[LAU] Discussion: Future CPU-technology vs. realtime audio?

david gnome at hawaii.rr.com
Thu Jan 28 06:26:38 CET 2021

On 1/27/21 8:02 AM, Len Ovens wrote:
> On Wed, 27 Jan 2021, Michael Jarosch wrote:
>> As soon as frequency switching was introduced we LAU were told, not 
>> to use it to save xruns. And as far as I can tell, the rule still 
>> valid. Is there a chance in the future that we can stop thinking 
>> about it, because it just won't matter? Are we forced blowing loads 
>> of energy or do we spent too much time in sluggish UEFI menus?
> It depends. Setting jack to frame size 64 or lower has in my 
> experience shown xruns with frequency switching. This includes Intel's 
> "Boost" setting which is not turned off by setting performance. There 
> seems to be no problem when the speed goes up but I often see an xrun 
> when the speed goes down (just at speed change).
> However, Intel has been doing speed switching in the CPU for a while 
> now and we are still able to set a steady speed with that on the fly. 
> So with the AMD it may be similar. It may still be possible to set an 
> upper and lower speed limit. What they do not say, is that the 
> advertized speed may not be usable in steady state. With the Intel, 
> the advertized speed can be set for all cores and run that way at 100% 
> core use and run forever without over heating. AMD tends to advertize 
> a cpu speed based on some cores running slower and the cpu managing 
> heat by slowing some cores down. In this case one will have to 
> experiment to find out what speed can be safely run on all cores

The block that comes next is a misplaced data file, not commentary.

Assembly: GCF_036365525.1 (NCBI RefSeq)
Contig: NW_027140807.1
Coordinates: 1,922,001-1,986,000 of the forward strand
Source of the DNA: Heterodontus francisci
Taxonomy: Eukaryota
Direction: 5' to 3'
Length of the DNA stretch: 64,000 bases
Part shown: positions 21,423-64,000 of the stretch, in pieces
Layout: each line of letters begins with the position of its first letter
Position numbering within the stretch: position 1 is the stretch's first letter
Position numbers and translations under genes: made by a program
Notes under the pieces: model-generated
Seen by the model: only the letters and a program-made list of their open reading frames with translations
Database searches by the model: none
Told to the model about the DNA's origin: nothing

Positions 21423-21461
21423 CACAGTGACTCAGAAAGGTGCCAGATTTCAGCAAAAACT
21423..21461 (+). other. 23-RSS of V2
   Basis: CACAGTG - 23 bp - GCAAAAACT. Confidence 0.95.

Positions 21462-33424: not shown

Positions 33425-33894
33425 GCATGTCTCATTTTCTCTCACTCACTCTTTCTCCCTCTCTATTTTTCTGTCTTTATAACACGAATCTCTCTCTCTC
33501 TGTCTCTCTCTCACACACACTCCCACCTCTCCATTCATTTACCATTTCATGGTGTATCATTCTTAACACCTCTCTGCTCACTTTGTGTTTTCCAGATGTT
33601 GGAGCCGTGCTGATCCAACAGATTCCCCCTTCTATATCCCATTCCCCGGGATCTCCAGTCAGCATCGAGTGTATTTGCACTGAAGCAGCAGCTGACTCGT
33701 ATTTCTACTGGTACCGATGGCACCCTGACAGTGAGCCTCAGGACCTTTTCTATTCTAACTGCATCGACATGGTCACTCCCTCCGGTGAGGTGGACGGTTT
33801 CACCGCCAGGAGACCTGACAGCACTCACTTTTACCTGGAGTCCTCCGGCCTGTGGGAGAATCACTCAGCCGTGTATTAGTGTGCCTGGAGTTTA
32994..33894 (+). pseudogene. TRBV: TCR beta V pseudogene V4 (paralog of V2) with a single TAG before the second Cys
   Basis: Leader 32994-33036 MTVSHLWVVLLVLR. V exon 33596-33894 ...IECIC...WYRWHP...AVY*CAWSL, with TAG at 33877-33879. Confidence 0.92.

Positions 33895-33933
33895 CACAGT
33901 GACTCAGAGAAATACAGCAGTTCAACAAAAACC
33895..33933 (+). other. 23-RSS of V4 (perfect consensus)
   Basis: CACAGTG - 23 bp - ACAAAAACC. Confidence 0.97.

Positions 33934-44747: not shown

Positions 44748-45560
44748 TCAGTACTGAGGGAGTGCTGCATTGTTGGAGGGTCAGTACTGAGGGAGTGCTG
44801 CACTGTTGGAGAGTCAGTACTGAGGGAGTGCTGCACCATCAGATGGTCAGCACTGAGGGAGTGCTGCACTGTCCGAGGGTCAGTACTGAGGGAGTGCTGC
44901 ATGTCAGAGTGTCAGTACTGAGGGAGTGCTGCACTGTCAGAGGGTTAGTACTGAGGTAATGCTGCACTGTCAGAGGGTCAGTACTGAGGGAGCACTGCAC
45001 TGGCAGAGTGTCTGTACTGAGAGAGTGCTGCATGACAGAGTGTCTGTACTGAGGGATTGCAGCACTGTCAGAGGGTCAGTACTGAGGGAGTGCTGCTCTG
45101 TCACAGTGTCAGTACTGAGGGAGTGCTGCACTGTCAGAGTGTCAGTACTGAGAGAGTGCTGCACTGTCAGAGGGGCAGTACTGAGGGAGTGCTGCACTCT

> without over heating and use that speed for audio. Hopefully this can 
> be set on the fly.
Intel doesn't run at top speed "forever". Fastest clock I've got from my 
nominal 5GHz-max i9 in my Dell XPS 15 is 4.7GHz. Intel runs clock speed 
until thermals say "Slow down." If you're talking about a laptop, the 
specific laptop's ability to dissipate heat is the controlling factor. 
I'm not sure that Intel thermal control is anywhere within reach of BIOS 
and OS software.

> Another comment of "blowing loads of energy" with performance mode. It 
> was actually found that the old "ondemand" governor actually used more 
> power than "performance" in many cases. Ondemand has to wake up every 
> once in a while to see what is happening, but in performance mode the 
> core can go to an idle state. The newer intel powersave mode does not 
> have this problem but AMD (although they started work on their own 
> governor for linux) can only use ondemand.
> The easiest way to see power use is to watch core temperature... all 
> power used ends up as heat.

It and clock are good indicators.

David W. Jones
gnome at hawaii.rr.com
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"My password is the last 8 digits of π."

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